Starring Dan Abramovici, Jessica Embro, Jim Annan, Rob Baker and Craig Brown. Directed by Mars Horodyski. At the Carlton, Kingsway. 14A

Simple charmer Ben’s At Home makes the most of an uncomplicated premise about a modern-day hermit making connections via the digital world.

Dan Abramovici (who co-writes with director Mars Horodyski) has a pleasing hangdog look about him as Ben, playing a likable everyman who turns turtle after unexpectedly seeing his ex-girlfriend at his 30th birthday party.

Figuring the best way to avoid future heartache is to make sure it can’t happen again, Ben decides he won’t leave his home. Ever. Happy to share his days with his dog and sourcing a new at-home career, Ben turns to online sources to have everything from food, to friendship and dates arrive at his door. The lifestyle grows on him quickly.


Dan Abramovici and Jessica Embro have onscreen chemistry in Ben's at Home.

His buddies (Jim Annan, Rob Baker, and Craig Brown) are hardly happy that Ben is stubbornly refusing to leave the house, ditching all his social responsibilities as one guy’s wedding approaches.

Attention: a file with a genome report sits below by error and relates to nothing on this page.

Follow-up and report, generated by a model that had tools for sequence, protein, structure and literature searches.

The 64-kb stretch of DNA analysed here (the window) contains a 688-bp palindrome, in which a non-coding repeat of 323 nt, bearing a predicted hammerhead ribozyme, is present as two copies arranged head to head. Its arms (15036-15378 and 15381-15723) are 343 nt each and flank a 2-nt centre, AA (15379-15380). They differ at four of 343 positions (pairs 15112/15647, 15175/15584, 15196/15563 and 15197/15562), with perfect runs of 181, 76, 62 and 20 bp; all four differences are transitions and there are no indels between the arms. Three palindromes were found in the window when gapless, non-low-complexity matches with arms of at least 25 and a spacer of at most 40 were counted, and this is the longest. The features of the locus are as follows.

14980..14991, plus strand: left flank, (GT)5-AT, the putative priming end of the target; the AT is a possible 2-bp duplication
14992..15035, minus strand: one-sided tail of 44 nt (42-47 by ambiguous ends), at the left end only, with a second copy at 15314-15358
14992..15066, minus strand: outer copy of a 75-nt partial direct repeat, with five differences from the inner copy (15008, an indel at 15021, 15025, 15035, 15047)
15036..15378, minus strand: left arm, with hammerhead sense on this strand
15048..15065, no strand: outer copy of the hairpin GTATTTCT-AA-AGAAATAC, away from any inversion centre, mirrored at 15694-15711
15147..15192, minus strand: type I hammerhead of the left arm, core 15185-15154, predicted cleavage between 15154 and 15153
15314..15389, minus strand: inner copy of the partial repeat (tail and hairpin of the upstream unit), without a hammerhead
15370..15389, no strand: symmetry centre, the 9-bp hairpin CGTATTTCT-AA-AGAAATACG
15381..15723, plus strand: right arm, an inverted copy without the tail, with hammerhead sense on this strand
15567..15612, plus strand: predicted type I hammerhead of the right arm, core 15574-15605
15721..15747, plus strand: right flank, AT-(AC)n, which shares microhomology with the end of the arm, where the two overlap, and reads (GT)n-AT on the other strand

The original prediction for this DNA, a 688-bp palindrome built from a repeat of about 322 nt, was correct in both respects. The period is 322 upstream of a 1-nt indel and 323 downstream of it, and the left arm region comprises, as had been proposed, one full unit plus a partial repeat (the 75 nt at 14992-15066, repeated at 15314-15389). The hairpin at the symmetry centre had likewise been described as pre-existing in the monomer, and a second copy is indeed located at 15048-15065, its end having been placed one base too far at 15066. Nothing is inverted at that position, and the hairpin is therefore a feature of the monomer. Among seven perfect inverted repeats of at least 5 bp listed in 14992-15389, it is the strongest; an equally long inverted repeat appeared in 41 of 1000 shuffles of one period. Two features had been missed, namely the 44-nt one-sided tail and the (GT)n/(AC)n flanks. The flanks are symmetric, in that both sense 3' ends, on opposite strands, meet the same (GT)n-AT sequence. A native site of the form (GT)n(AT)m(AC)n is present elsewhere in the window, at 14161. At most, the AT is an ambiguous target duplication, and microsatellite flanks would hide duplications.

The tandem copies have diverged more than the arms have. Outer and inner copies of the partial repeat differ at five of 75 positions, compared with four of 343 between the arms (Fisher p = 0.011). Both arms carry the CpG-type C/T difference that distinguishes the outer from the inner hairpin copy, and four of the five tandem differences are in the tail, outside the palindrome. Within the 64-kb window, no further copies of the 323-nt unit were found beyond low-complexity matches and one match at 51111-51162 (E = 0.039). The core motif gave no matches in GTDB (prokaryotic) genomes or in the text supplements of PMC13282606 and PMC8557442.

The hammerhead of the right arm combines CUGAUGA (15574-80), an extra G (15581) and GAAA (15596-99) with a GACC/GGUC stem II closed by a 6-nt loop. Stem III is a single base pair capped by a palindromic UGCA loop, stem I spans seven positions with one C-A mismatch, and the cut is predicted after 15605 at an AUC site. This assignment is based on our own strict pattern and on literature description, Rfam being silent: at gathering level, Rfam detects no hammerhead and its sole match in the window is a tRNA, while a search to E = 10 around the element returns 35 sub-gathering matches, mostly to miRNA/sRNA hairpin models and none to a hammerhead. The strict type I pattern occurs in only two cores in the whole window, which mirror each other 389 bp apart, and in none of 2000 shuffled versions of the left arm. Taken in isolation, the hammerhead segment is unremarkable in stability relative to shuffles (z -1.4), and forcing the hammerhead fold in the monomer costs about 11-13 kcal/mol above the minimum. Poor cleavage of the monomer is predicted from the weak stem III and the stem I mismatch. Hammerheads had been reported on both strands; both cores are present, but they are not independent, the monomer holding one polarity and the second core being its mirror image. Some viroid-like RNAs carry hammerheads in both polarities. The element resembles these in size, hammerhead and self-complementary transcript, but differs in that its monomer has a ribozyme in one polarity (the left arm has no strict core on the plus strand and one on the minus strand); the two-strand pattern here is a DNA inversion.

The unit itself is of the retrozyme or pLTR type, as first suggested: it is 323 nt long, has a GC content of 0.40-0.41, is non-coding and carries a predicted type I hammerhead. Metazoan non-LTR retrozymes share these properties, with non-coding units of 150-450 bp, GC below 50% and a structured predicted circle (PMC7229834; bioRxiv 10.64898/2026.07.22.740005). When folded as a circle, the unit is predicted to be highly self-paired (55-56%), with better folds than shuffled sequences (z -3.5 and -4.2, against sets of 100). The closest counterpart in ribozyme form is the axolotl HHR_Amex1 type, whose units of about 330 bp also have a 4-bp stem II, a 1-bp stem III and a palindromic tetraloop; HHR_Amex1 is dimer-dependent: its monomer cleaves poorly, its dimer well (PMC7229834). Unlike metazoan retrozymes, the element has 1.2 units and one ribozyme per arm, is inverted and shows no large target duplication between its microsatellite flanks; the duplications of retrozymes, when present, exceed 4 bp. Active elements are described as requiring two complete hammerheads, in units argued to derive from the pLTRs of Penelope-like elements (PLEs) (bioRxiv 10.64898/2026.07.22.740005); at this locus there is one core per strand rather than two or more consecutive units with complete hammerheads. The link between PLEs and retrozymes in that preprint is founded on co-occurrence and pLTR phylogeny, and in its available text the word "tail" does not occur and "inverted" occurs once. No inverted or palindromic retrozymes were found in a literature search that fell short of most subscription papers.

But Ben digs in. One of his regular food deliveries is made by sassy Jess (Jessica Embro) and he’s interested. But how will she react when she realizes a rare night in is in fact going to be the norm?

Embro and Abramovici have solid onscreen chemistry and that, along with a pleasing score, help elevate this low-budget indie. But although Ben’s At Home only clocks in at 70 minutes, some scenes feel too long. That’s especially true of a foosball tournament with a hypercompetitive online date (Inessa Frantowski) and an awkward video game sequence where repeatedly hollering at another player that he’s “a vagina” becomes the ultimate put-down.

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